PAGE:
A good crop depends mainly on the seed and the condition of the soil. Farmers frequently analyze their soil to determine what minerals need to be added so they might have the greatest possible harvest. Then, the soil is prepared for planting by cultivation and fertilization. The seed is planted and watered. Growth is monitored to determine what needs to be done before the crop reaches maturity.
If we examine the parable of the sower (Mat. 14; Mark 4; Luke 8), we come to realize that the seed which is sown must be the Word of God (Luke 8:11). It is seed of highest quality. Anything less will adversely affect the harvest (2 The. 2:10-12). This seed, the Word of God, is all that should be planted. It is enough to make the harvest complete (2 Tim. 3:16-17).
This, however, is not simply a parable of the sower, but it is also a parable of the soil. We are the soil into which this seed is sown. According to Jesus, there are four types of soil possible and only one of them gives abundant harvest. It is important that the soil is properly prepared to receive the seed. Herein lies our responsibilities as hearers of the Word. These responsibilities apply to non-Christians and also to Christians. We should determine the nature of our soil and then take the necessary steps to make our soil “good ground.” Let’s examine our soil!
1. Is ours wayside soil? Here is soil which is so hardened by sin that seed cannot penetrate. It is a condition descried in various other ways in the New Testament [e.g., “seared in their conscience as with a hot iron” (1 Tim. 4:2); “hardening of their heart” and “past feeling” (Eph. 4:18, 19); “hardened by the deceitfulness of sin” (Heb. 3:13)]. According to Hebrews chapter 3, it is a condition that can be reached by believers as well as unbelievers. To prevent this condition, we must “hunger and thirst after righteousness” (Mat. 5:6). We must desire to know the truth (1 Pet. 2:2).
2. Is ours rocky soil? Jesus said of this soil “these have no root…and in time of temptation fall away” (Luke 8:13). Here is soil which seems, at least on the surface, to be good soil; but when temptations come the plants die because the plants have no roots—the soil is not deep enough. We are told that with temptations come ways of escape (1 Cor. 10:13) and that, we lack wisdom, all we have to do is ask God for it (Jam. 1:5). This soil lacks depth partly because of a failure to pray. And also, according to Hebrews 5:14, the ability to distinguish good from evil, which is necessary in overcoming temptation, is obtained from exercising our senses—by “reason of use.” Rocky soil results when we fail to put into practice that which we learn from God’s Word. James says that this failure deludes even our own selves (Jam. 1:22).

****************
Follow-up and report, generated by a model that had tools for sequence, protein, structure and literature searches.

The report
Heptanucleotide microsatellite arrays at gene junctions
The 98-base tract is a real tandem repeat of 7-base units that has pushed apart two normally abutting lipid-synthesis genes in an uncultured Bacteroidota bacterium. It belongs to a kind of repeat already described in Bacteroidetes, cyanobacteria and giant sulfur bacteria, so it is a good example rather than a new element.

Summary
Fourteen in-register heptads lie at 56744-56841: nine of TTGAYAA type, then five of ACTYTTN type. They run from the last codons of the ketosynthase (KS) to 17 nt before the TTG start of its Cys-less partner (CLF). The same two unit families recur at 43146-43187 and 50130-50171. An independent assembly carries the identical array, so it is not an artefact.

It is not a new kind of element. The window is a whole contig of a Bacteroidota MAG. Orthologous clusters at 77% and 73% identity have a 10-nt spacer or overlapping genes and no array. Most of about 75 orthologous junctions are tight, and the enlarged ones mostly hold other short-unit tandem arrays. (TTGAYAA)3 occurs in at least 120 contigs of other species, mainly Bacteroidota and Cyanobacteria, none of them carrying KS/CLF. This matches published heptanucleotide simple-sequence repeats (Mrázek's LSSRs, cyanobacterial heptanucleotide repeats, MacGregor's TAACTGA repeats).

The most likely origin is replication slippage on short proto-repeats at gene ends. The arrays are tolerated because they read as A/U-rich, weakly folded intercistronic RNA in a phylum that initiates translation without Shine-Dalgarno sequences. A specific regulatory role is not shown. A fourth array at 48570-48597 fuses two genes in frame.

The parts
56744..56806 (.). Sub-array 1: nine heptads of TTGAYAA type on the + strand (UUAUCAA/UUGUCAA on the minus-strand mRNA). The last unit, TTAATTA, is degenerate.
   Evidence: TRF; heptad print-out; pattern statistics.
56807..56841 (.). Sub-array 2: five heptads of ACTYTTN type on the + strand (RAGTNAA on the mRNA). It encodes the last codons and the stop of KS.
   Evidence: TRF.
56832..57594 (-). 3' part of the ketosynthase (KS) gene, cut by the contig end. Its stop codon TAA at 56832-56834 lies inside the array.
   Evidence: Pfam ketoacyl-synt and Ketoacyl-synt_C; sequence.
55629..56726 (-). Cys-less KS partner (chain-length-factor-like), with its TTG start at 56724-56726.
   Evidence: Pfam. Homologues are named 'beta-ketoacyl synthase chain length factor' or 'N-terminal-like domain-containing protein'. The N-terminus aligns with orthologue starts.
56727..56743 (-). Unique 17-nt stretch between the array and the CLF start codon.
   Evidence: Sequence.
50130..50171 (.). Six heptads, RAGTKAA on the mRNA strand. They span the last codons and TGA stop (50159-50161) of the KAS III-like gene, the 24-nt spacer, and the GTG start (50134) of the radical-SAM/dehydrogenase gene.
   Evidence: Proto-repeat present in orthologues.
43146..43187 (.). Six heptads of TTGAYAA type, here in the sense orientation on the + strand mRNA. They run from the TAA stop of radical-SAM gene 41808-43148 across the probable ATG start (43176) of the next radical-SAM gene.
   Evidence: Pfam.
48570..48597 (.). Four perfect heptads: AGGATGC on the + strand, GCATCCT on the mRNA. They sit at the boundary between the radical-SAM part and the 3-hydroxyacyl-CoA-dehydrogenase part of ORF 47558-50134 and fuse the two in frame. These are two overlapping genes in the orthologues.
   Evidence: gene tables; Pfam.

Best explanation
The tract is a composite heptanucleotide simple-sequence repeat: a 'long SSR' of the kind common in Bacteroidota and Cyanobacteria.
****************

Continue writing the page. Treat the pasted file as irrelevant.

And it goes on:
3. Is ours thorny soil? Here the seed is choked to death by the “cares and riches and pleasures of this life” (Luke 8:14). More seed is allowed to grow here than just the Word of God. Here we find a divided allegiance between this present world and eternity. Such division can result only in frustration and failure—we cannot serve two masters (Mat. 6:24). Here are people who place a priority on money, popularity, and earthly things while at the same time attempt to serve Christ—such is spiritual suicide. This condition can be corrected by focusing our attention on Christ and totally surrendering our lives to Him (Mat. 6:22-25, 33). This is a process requiring effort on our part; it does not happen accidentally or automatically. We must “seek the things that are above” and set our minds on those things (Col. 3:1-2).
4. Is ours good soil? This type of soil is the person who has done all that is possible of a preventative nature (i.e., desires to know the truth, prays, makes application to his daily life, and sets his priorities on Christ) and, in addition, studies God’s Word himself regularly, honestly, and diligently (2 Tim. 2:15).
Remembering that these soils are found both in and out of the church, which of these soils represents you today? What kind of soil are you becoming? Will you take the necessary steps to become good soil which “beareth fruit, and bringeth forth, some a hundredfold, some sixty and some thirty”? (Mat. 13:23). To have a good harvest requires constant attention to the soil!